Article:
The Dim-Post

March 9, 2016

Security and intelligence legislation: then and now

Filed under: Uncategorized — danylmc @ 1:22 pm

Back in 2013 when the controversial new laws were passed:

“Despite ill-informed claims to the contrary, nothing in this legislation allows for wholesale spying on New Zealanders. It actually tightens, not widens, the existing regime,” Mr Key said.

This essential legislation makes it clear what the GCSB may and may not do, and fixes an Act passed under the Labour Government a decade ago, which was not, and probably never was, fit for purpose.

“It clarifies the GCSB’s legal framework and substantially increases oversight of the country’s intelligence agencies, which will go some way to rebuilding public confidence in the GCSB,” Mr Key said.

Attorney-General Chris Finlayson attacked several critics of the bill including Rodney Harrison, QC, who presented the Law Society’s submission on the bill, former Prime Minister Sir Geoffrey Palmer, former director of the GCSB Sir Bruce Ferguson, and historian and academic Dame Anne Salmond.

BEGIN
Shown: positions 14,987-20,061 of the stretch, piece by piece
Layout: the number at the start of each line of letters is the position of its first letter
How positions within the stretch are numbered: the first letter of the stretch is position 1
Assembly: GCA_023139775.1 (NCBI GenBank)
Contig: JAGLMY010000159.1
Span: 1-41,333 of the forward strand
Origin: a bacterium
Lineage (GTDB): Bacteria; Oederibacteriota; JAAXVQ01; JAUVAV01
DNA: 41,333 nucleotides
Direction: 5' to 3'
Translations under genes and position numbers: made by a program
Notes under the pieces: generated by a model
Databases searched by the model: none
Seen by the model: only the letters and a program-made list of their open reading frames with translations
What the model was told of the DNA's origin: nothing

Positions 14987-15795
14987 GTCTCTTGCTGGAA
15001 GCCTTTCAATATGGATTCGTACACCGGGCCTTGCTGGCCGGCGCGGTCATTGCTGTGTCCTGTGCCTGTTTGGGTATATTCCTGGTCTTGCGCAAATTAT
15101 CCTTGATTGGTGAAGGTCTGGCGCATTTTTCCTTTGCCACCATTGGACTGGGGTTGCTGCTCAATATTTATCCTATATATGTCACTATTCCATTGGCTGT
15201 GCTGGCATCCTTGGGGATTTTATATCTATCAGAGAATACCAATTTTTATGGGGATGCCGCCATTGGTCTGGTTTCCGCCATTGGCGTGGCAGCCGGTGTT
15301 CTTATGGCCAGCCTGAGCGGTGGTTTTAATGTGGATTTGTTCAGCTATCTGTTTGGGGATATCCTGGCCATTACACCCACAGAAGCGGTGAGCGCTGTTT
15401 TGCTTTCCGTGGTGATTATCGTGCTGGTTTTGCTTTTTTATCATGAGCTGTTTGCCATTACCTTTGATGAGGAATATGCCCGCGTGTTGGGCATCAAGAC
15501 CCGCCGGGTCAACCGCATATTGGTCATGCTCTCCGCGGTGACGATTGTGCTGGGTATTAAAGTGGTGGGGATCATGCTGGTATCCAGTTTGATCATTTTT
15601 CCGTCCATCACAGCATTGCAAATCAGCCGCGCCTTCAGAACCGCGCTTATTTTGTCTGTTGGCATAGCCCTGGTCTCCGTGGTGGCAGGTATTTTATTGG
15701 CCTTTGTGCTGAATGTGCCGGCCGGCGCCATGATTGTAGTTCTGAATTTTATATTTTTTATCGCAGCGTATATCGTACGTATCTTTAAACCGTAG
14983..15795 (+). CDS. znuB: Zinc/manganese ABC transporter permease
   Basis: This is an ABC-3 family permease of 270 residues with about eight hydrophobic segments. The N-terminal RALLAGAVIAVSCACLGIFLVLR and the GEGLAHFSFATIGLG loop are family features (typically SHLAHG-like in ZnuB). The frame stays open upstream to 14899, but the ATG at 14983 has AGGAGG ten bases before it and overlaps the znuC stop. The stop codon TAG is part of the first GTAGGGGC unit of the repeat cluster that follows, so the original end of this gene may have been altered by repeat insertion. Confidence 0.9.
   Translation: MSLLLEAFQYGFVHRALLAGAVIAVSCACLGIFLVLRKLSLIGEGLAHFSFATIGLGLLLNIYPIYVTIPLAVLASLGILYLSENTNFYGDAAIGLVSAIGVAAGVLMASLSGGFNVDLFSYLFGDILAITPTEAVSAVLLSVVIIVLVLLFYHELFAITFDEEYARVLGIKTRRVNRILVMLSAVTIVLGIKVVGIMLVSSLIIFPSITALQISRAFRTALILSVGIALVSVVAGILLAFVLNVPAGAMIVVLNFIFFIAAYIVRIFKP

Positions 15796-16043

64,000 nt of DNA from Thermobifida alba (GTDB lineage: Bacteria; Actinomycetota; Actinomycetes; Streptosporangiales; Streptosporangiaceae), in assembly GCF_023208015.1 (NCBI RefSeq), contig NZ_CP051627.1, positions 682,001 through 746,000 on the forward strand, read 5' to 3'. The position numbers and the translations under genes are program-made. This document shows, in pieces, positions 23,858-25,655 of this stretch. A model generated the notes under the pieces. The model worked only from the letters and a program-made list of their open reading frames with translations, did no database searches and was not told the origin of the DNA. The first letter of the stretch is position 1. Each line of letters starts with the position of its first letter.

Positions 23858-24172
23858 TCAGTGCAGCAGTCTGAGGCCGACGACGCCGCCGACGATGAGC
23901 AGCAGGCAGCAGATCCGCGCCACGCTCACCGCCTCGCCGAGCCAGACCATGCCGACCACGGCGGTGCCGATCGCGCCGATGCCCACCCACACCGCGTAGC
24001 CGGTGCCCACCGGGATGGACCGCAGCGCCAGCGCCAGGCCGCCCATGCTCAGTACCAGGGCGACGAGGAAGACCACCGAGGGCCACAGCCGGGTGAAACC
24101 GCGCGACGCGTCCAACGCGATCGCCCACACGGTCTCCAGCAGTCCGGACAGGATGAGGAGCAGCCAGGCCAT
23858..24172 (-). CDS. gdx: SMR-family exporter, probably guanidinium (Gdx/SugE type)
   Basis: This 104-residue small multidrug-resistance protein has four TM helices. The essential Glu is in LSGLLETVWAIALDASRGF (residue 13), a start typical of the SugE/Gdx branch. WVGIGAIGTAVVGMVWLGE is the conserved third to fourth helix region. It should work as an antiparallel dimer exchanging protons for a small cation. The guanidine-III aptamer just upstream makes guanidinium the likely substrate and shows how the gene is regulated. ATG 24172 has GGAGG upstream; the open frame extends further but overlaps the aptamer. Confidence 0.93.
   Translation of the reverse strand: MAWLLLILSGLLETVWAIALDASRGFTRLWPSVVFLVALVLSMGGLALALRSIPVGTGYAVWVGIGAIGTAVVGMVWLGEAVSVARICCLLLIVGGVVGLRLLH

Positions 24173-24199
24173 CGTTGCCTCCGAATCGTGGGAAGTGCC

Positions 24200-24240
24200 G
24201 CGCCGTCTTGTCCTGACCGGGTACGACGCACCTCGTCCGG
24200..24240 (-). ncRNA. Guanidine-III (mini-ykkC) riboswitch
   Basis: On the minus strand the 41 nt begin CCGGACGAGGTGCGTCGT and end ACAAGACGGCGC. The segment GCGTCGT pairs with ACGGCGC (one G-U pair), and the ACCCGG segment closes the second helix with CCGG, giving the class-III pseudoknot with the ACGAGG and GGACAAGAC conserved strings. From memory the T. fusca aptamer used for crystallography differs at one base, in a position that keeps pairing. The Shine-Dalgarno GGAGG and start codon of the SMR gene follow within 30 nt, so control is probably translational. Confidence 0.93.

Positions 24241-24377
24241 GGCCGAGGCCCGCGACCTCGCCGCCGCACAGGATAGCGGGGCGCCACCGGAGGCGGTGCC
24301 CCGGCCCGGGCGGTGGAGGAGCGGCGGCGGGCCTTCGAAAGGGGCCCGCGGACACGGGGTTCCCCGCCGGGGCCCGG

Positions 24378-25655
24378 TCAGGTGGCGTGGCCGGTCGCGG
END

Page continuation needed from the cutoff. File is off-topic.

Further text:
He told Parliament the bill hadn’t been rushed through, but perhaps it had not been long enough for Mr Harrison to come to grips with it.


New Zealand’s intelligence agencies should have greater abilities to spy on its citizens, but with stricter requirements on when they can do so and stronger oversight of their work, a report says.

The report into the country’s intelligence and security laws has recommended that a single piece of legislation be established to cover both the Government Communications and Security Bureau (GCSB) and the Security Intelligence Service (SIS) – and its authors would have recommended a merger of the two agencies if they had been allowed.